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Kim H.J.,Korea Institute of Oriental Medicine | Kim S.-M.,Korea Institute of Oriental Medicine | Park K.-R.,Korea Institute of Oriental Medicine | Jang H.-J.,Korea Institute of Oriental Medicine | And 3 more authors.
Cancer Letters | Year: 2011

Recent reports have indicated that decursin can induce apoptosis, suppress tumor growth, and inhibit angiogenesis. In this experiment, we investigated how decursin could potentiate the cytotoxic effects of bortezomib in human multiple myeloma cells. We found that decursin inhibited cell viability in U266, MM.1S and ARH77 cells, but not in peripheral blood mononuclear cells (PBMC). Decursin-induced apoptosis through the activation of caspase-8, -9, and -3 in U266 cells. This correlated with the down-regulating of cyclin D1, bcl-2, bcl-xL, survivin, and the vascular endothelial growth factor (VEGF), which are all regulated by the activation of signal transducers and the activator of transcription 3 (STAT3). Indeed, decursin inhibited constitutive STAT3 activation through inhibition of the activation of Janus-activated kinase 2 (JAK2) in U266 cells. In addition, decursin inhibited interleukin-6-inducible STAT3 activation in a time-dependent manner in MM.1S cells. Interestingly, decursin significantly potentiated the apoptotic effects of bortezomib in U266 cells. These effects of decursin were correlated with the suppression of constitutive STAT3 activation in U266 cells. Overall, these results suggest that decursin is a novel blocker of STAT3 activation and it may be a potential candidate for overcoming chemo-resistance through suppression of this signaling. © 2010 Elsevier Ireland Ltd. Source

Na Y.-S.,Institute for Innovate Cancer Research | Jung K.-A.,Institute for Innovate Cancer Research | Kim S.-M.,Institute for Innovate Cancer Research | Hong Y.S.,University of Ulsan | And 7 more authors.
Cancer Chemotherapy and Pharmacology | Year: 2011

Purpose: Histone deacetylase inhibitors (HDACIs), such as PXD101 and suberoylanilide hydroxamic acid, inhibit proliferation and stimulate apoptosis of tumor cells. The enhanced effectiveness of chemotherapy or radiotherapy when combined with HDACIs has been observed in several cancers. In this study, we investigated the antitumor effect of PXD101 combined with irinotecan in colon cancer. Methods: HCT116 and HT29 colon cancer cells for cell viability assay were treated with PXD101 and/or SN-38, the active form of irinotecan. Antitumor effects of HCT116 and HT29 xenografts treated with these combinations were evaluated. [18F]FLT-PET was used to detect early responses to PXD101 and irinotecan in colon cancer. Results: PXD101 and SN38 possessed dose-dependent antiproliferative activity against HCT116 and HT29 cells and exerted a synergistic effect when used in combination. In xenografted mice, PXD101 in combination with irinotecan dramatically inhibited tumor growth without causing additive toxicity. Apoptotic effects on xenograft tumors were greater with combined treatment than with irinotecan alone. [ 18F]FLT-PET imaging revealed a 64% decrease in [18F]FLT uptake in tumors of HCT116 xenograft-bearing mice treated with a combination of PXD101 and irinotecan, indicating a decrease in thymidine kinase 1 (TK1) activity. These results were supported by Western blot analyses showing a decrease in tumor thymidine kinase 1 protein levels, suggesting that [ 18F]FLT-PET can be used to non-invasively detect early responses to these agents. Conclusions: These data show that PXD101 increases the cytotoxic activity of irinotecan in in vitro and in vivo colon cancer models and suggest these agent combinations should be explored in the treatment of colon cancer. © 2010 Springer-Verlag. Source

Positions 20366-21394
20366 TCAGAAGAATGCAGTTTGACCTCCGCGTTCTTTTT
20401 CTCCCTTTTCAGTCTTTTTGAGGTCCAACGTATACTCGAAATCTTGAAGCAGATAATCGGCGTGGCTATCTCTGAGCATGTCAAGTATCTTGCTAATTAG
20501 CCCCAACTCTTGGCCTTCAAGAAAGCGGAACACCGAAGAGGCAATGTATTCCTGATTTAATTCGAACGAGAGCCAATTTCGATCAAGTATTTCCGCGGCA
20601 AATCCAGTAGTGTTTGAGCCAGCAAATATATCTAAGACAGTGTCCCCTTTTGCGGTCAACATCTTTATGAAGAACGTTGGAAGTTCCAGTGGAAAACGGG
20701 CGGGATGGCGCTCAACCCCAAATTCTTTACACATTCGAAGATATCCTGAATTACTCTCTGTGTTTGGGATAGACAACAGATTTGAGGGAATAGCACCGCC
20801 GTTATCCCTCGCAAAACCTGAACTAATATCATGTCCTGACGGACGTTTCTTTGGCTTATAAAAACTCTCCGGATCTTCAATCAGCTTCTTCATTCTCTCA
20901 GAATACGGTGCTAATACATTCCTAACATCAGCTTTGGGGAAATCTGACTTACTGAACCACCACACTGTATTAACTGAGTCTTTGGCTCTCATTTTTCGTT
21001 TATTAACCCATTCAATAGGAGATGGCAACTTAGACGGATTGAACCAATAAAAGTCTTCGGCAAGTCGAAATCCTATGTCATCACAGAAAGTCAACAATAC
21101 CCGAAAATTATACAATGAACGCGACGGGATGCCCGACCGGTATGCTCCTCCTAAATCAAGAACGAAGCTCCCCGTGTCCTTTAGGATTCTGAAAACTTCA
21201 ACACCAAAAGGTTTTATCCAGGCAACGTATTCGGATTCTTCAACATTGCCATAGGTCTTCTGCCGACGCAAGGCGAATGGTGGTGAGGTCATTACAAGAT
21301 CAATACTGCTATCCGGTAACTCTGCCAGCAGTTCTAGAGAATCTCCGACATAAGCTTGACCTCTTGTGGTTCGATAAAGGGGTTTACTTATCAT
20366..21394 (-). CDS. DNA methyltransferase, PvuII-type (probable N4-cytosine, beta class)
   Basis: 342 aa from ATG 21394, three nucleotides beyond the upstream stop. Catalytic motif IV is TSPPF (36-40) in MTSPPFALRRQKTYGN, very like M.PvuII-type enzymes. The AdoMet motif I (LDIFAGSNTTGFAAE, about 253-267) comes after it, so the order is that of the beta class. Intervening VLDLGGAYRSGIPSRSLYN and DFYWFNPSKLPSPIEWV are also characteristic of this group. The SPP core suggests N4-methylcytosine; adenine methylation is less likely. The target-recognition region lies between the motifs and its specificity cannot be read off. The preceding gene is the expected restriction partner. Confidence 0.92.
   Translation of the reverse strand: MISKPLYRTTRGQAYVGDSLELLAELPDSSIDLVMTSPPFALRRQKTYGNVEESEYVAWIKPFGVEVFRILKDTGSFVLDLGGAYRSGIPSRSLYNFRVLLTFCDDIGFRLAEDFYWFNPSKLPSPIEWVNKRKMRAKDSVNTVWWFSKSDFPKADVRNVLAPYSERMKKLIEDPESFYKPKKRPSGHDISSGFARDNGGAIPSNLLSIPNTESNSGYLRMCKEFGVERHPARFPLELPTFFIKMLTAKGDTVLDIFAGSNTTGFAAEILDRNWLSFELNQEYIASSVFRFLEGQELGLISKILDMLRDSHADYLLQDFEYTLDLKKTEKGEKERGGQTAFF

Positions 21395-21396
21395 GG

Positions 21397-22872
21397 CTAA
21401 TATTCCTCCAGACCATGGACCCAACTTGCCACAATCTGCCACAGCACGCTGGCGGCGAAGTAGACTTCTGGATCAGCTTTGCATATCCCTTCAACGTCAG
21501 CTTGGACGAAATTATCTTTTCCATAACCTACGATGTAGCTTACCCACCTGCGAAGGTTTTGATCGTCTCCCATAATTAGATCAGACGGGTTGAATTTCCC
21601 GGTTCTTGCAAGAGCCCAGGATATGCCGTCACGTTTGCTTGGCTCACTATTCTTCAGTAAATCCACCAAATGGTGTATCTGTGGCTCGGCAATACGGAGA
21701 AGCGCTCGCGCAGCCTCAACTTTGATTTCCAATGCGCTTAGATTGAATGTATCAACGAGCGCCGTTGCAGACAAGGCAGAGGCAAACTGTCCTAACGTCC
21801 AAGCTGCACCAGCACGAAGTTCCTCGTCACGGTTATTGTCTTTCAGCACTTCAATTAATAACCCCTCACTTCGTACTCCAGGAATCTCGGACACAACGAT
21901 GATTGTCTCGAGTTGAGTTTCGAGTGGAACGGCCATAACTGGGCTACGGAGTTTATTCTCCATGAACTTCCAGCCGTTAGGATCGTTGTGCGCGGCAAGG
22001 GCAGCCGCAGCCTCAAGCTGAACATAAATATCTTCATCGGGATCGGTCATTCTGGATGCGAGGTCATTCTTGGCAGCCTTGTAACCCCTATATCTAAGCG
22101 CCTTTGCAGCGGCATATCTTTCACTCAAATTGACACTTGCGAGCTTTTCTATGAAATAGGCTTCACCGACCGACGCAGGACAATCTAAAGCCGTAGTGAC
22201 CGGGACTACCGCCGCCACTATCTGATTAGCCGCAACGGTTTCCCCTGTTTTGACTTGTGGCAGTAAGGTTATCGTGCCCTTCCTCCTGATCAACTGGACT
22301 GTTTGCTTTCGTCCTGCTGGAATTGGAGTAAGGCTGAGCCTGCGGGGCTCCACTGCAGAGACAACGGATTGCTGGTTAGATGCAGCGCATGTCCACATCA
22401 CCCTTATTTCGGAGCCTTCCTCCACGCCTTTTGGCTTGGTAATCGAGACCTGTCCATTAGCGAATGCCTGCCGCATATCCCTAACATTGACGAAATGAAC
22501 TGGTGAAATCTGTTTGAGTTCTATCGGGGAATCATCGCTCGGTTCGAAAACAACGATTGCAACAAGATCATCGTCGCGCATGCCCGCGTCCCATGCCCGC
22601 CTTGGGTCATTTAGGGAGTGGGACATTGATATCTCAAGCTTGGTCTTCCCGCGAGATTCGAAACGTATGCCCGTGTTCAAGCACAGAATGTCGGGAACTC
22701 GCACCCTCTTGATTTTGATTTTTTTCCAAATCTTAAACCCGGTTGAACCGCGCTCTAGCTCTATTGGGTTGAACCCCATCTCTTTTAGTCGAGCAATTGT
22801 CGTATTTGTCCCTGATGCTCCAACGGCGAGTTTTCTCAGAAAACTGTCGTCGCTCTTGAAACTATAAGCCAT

Na Y.-S.,Institute for Innovate Cancer Research | Yang S.-J.,Institute for Innovate Cancer Research | Kim S.-M.,Institute for Innovate Cancer Research | Jung K.-A.,Institute for Innovate Cancer Research | And 12 more authors.
PLoS ONE | Year: 2012

YM155, which inhibits the anti-apoptotic protein survivin, is known to exert anti-tumor effects in various cancers, including prostate and lung cancer. However, there are few reports describing the inhibitory effect of YM155 on human pancreatic cancers that highly express survivin. Here, we tested the effects of YM155 on a variety of cancer cell lines, including pancreatic cancer cells. We found that YM155 exerts an anti-proliferative effect in pancreatic cancer cells, inducing cell death through suppression of XIAP (X-linked inhibitor of apoptosis) as well as survivin without affecting the anti-apoptotic proteins Bcl-xL or Mcl-1. YM155 also inhibited tumor growth in vivo, reducing the size of pancreatic cancer cell line MIAPaCa-2 xenografts by 77.1% on day 31. Western blot analyses further showed that YM155 downregulated phosphoinoside 3-kinase (PI3K) expression and reduced the levels of phosphorylated (activated) extracellular signal-regulated kinase (ERK) and STAT3 (signal transducer and activator of transcription 3) in PANC-1 cells. Interestingly, we also found that YM155 downregulated the epidermal growth factor receptor (EGFR) in various cancer cell lines and induced the EGFR phosphorylation and ubiquitination of EGFR in PANC-1 cells. YM155 also modestly promoted the ubiquitination of survivin and XIAP. Therefore, YM155 acts through modulation of EGFR and survivin expression to subsequently reduce survival. We suggest that YM155 has potential as a therapeutic agent in the treatment of pancreatic cancer. © 2012 Na et al. Source

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